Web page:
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Experts unsure if cyber attribution research will yield results

Georgia Tech received a contract to research the science of cyber attribution, but experts disagree on whether it is possible to succeed in this endeavor.

The Georgia Institute of Technology has received a research contract to study cyber attribution, with the intent of providing better proof of involvement by threat groups.

The U.S. Department of Defense sponsored the $17.3 million contract that will fund a project led by Georgia Tech researchers in collaboration with other academic institutions. However, the researchers admit the study of cyber attribution is unlikely to result in individual attribution.

"While the tools and techniques to be developed during the four-and-a-half-year effort won't point directly to the individuals responsible, the initiative will provide proof of involvement by specific groups, identifiable by their methods of attack, consistent errors and other unique characteristics," wrote John Toon, director of research news at Georgia Tech, in a press release. "Such attribution could support potential sanctions and policy decisions -- and discourage attacks by providing transparency for activities that are normally hidden."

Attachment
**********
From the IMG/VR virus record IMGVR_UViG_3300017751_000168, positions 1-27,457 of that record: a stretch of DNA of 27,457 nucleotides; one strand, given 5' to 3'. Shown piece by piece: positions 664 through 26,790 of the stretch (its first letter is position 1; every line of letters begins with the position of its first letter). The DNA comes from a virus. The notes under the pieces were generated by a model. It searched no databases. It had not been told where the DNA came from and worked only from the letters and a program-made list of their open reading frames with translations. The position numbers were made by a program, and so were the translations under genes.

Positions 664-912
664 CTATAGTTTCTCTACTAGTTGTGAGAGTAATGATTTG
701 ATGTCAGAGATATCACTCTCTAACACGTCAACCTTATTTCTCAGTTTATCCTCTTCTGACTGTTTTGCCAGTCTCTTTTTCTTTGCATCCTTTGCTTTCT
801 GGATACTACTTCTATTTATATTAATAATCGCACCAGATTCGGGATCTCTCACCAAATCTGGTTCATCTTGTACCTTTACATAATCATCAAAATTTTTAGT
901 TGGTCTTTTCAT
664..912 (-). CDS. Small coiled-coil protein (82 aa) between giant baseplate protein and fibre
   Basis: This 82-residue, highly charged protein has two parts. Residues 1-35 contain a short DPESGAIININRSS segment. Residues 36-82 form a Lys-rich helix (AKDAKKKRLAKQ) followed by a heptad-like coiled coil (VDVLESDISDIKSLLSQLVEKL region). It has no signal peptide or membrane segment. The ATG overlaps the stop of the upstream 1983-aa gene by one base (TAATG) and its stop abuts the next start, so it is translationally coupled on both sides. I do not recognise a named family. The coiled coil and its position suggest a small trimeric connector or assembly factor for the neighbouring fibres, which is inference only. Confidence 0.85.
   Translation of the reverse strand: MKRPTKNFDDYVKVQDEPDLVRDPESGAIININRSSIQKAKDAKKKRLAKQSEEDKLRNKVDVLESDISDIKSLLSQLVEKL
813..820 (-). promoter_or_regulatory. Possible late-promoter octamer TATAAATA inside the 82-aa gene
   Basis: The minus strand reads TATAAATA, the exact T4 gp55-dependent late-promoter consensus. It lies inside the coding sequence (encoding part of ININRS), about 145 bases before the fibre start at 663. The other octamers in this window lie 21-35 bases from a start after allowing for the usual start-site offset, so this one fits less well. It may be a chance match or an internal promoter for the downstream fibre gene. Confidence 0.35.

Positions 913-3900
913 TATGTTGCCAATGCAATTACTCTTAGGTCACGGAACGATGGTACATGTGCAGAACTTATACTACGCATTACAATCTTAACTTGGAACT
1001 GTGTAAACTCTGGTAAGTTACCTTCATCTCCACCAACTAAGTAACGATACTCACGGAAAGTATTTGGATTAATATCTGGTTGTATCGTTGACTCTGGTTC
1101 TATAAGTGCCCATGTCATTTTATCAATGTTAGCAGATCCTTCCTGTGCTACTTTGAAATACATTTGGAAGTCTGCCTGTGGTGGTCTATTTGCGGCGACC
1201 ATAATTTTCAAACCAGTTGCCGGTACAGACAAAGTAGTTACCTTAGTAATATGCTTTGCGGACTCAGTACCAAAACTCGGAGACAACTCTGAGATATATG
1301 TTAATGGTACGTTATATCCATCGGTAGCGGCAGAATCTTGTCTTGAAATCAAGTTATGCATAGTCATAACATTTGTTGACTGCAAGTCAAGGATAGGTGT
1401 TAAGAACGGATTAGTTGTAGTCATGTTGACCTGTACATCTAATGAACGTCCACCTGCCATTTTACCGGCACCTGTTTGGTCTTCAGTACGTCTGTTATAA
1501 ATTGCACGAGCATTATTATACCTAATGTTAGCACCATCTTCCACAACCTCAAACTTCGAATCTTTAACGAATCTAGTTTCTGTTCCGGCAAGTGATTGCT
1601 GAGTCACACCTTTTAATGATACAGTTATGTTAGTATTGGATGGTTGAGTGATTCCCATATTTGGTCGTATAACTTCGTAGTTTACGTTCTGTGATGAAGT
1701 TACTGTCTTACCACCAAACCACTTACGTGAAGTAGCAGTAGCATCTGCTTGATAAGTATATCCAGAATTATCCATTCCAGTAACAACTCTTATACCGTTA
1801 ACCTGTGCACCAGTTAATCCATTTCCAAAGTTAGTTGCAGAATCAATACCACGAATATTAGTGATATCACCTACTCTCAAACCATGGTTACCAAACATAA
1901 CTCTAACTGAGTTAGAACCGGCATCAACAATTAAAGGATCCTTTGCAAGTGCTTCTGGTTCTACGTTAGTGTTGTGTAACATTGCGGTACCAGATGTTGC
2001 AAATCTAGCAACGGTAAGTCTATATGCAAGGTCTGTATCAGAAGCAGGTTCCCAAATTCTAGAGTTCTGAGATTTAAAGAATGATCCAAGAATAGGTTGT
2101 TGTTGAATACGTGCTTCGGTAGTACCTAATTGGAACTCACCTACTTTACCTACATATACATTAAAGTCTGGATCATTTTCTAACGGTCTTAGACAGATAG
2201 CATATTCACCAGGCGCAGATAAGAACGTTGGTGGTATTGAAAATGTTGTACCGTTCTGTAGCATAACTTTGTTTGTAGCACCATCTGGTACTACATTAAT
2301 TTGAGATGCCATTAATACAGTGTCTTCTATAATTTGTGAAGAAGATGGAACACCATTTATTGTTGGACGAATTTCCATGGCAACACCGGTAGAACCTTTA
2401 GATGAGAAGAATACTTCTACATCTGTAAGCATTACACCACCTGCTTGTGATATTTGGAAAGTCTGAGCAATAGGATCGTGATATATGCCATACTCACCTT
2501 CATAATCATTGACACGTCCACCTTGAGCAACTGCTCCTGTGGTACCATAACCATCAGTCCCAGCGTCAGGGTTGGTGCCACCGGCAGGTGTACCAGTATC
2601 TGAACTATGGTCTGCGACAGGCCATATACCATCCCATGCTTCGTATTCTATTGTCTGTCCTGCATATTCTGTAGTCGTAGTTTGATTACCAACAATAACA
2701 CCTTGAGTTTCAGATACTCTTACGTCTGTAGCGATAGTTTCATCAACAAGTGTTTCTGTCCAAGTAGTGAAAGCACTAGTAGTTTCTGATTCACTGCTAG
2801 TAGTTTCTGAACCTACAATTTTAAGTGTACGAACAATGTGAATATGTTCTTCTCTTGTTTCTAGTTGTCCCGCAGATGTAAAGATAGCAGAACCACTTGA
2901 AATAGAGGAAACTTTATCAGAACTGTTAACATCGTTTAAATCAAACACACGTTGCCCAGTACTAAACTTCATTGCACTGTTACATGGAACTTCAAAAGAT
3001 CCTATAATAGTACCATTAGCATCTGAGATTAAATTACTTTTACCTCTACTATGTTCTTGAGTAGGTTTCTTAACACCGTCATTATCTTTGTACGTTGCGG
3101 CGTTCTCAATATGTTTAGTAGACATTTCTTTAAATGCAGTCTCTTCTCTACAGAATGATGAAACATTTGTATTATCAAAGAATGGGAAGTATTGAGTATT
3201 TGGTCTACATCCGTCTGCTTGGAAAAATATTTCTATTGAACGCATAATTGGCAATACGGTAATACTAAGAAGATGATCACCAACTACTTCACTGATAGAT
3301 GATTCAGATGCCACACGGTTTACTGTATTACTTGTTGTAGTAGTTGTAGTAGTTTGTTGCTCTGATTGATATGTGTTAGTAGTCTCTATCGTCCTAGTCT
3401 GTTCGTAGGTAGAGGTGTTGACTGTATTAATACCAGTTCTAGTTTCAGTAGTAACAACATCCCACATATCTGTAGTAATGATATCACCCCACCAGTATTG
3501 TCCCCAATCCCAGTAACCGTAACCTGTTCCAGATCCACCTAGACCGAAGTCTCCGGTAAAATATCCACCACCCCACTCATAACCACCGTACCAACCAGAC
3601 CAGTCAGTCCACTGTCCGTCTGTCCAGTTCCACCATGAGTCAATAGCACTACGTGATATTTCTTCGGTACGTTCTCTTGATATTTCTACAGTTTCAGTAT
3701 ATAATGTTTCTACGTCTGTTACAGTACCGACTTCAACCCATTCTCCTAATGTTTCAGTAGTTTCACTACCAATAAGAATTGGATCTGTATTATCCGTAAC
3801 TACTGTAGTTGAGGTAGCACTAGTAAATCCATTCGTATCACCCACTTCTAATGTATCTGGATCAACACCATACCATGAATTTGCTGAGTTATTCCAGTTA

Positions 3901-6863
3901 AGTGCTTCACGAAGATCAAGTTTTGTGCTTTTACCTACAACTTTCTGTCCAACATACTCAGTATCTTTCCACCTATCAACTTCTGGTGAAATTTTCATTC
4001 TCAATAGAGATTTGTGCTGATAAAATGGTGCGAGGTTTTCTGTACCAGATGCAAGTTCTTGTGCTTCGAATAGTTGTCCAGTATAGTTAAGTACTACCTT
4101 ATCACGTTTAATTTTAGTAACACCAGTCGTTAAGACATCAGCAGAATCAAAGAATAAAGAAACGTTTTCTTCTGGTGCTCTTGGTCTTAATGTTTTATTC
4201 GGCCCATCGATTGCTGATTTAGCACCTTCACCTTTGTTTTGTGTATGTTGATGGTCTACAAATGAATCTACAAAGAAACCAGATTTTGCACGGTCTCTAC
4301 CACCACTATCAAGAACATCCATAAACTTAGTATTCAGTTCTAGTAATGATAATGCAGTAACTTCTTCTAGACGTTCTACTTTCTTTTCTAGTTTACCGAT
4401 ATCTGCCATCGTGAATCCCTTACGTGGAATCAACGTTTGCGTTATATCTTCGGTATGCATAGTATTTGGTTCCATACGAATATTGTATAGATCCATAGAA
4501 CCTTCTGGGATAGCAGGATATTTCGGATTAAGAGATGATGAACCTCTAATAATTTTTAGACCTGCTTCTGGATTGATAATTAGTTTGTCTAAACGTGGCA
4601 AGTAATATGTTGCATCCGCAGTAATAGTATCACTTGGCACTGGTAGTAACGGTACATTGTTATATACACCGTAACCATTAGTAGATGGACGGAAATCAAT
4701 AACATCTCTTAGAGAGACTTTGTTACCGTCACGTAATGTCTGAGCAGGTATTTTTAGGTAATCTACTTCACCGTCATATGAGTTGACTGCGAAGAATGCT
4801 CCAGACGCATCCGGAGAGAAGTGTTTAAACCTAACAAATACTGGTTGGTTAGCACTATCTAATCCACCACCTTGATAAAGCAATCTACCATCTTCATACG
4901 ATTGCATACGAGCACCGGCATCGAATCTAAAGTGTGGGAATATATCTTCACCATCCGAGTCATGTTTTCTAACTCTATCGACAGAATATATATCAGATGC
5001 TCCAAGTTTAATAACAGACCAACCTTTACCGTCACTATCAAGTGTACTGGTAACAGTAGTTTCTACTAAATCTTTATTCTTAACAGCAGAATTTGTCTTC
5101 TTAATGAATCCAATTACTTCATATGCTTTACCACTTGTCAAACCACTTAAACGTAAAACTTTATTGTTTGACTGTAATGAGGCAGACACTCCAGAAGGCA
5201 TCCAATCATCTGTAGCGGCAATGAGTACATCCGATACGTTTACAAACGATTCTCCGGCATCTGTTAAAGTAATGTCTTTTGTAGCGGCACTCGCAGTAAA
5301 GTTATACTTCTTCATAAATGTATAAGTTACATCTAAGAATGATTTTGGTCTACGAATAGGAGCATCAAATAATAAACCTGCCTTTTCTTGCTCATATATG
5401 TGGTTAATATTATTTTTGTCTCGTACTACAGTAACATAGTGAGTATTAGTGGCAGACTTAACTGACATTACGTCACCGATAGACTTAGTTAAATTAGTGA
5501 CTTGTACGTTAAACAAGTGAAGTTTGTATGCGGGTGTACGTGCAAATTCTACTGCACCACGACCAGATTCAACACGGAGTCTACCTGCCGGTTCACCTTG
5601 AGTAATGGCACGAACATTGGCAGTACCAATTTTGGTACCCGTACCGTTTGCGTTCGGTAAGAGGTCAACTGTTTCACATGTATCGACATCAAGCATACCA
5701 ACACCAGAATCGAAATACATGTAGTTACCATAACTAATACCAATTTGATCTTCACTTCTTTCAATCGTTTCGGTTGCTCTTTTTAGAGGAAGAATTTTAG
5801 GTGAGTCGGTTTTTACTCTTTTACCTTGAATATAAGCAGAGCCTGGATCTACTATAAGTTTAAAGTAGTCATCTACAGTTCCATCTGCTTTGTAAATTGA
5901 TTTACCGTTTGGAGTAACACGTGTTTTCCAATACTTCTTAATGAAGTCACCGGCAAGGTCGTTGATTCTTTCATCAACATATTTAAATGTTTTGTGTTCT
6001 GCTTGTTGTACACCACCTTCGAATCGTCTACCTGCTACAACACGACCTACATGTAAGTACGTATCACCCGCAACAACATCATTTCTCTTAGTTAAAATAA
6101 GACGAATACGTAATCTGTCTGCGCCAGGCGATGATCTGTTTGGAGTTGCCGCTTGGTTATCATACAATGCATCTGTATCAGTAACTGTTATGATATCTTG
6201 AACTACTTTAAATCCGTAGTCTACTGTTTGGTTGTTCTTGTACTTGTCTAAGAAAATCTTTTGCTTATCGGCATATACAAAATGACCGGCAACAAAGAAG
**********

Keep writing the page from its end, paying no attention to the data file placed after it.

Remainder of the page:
Hank Thomas, COO at Strategic Cyber Ventures, a venture capital firm specializing in cybersecurity based in Washington, D.C., said identifying threat groups is already possible.

"Attacks and attackers' activities leave traces in the digital data exhaust. By utilizing distributed computer infrastructure, it is now possible to sift through massive amounts of data to identify patterns that can lead to discovering indicators, links and properties of attackers eventually leading to more precise attribution," Thomas told SearchSecurity. "Good technical intelligence teams working with all-source cyber intelligence analysts can do this."

Igor Baikalov, chief scientist at Securonix Inc., a security analytics company based in Los Angeles, said even attribution of a specific group may not be possible.